(15.) Ibid., 766.

(16.) Tim Edensor, Industrial Ruins: Space, Aesthetics, and Materiality (Oxford: Berg, 2005), 14.

(17.) Rose Macauley, The Pleasure of Ruins (New York: Walker, 1967).

(18.) Michael Roth, Claire Lyons, and Charles Merewether, Irresistible Decay: Ruins Reclaimed (Los Angeles: Getty Research Institute, 1997).

(19.) Edensor, Industrial Ruins.

(20.) Richard Florida, The Rise of the Creative Class: And How It's Transforming Work, Leisure, Community, and Everyday Life (New York: Perseus Book Group, 2002).

(21.) From "Friday Five," Design Milk Blog, April 23, 2010,

(22.) Melena Ryzik, "Wringing Art Out of the Rubble in Detroit," New York Times, August 3, 2010, accessed January 13, 2011, design/04maker.html.

(23.) Yael Navaro-Yashin, "'Life Is Dead Here': Sensing the Political in 'No Man's Land,'" Anthropological Theory 3 (2003): 107-25.

(24.) Grant Kester, 'Aesthetic Evangelists: Conversion and Empowerment in Contemporary Community Art," Afterimage 22, no. 6 (1995): 5-11

(25.) Jamie Peck, "Struggling with the Creative Class," International Journal of Urban and Regional Research 29 (2005): 740-71. See also P. Maliszewski, "Flexibility and Its Discontents," The Baffler 16 (2004): 69-79.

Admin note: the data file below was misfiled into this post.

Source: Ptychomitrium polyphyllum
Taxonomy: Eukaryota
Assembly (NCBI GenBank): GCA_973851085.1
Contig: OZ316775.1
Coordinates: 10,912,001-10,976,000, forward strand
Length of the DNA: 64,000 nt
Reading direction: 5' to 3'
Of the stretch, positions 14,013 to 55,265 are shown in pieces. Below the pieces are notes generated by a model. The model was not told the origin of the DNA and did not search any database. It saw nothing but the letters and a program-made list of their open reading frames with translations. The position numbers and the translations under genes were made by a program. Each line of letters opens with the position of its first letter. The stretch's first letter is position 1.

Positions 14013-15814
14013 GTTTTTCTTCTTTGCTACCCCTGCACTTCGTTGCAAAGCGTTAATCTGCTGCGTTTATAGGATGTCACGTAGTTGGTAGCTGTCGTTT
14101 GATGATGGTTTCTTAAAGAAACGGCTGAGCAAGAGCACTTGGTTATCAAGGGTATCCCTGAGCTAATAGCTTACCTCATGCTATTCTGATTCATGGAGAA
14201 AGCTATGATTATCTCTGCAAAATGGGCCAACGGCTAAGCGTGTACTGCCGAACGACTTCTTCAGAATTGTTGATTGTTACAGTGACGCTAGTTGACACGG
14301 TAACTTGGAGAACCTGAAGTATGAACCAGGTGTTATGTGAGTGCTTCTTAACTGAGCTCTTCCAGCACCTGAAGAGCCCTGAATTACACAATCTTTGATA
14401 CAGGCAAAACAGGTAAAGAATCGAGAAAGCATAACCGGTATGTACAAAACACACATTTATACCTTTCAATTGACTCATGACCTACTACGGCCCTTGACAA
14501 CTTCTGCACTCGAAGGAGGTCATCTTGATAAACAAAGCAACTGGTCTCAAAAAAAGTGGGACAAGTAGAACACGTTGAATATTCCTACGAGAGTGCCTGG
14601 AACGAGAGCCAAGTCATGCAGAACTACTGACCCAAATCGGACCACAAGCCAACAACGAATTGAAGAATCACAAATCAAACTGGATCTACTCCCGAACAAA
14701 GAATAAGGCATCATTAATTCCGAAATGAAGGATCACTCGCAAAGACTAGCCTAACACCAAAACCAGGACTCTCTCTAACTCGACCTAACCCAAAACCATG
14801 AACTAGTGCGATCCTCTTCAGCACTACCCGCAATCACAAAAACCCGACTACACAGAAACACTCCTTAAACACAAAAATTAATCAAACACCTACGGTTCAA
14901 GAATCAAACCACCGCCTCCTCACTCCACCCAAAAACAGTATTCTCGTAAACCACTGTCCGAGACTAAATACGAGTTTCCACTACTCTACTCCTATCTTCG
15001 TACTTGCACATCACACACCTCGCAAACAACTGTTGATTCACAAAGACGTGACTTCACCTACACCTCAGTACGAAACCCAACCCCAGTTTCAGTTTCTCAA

(26.) Rick Prelinger, August 4, 2010 (3:46 p.m.), comment on Ryzik, "'Wringing Art Out of the Rubble in Detroit."

(27.) Ryzik, "Wringing Art Out of the Rubble in Detroit."

(28.) Respondent self-identified as female, forty-eight, "white," from suburban Detroit.

(29.) All names are pseudonyms.

(30.) This interview was conducted in February 2009 as part of an ethnographic study of the Toronto crafter community The craft fair organizers in Toronto whom l spoke with expressed similar justifications for excluding what they saw as "'ethnically" marked craft applications from the events they curated. While Toronto is known as a muhicultural city, attendees and vendors of the craft events I attended were, as in Detroit, almost exclusively white.

(31.) John Hartigan Jr., Odd Tribes: Toward a Cultural Analysis of White People (Durham: Duke University Press, 2005), 9.

(32.) The craft forum slogan, for example, is "'No Tea Cosies Without Irony"

(33.) Hartigan, Odd Tribes, 7.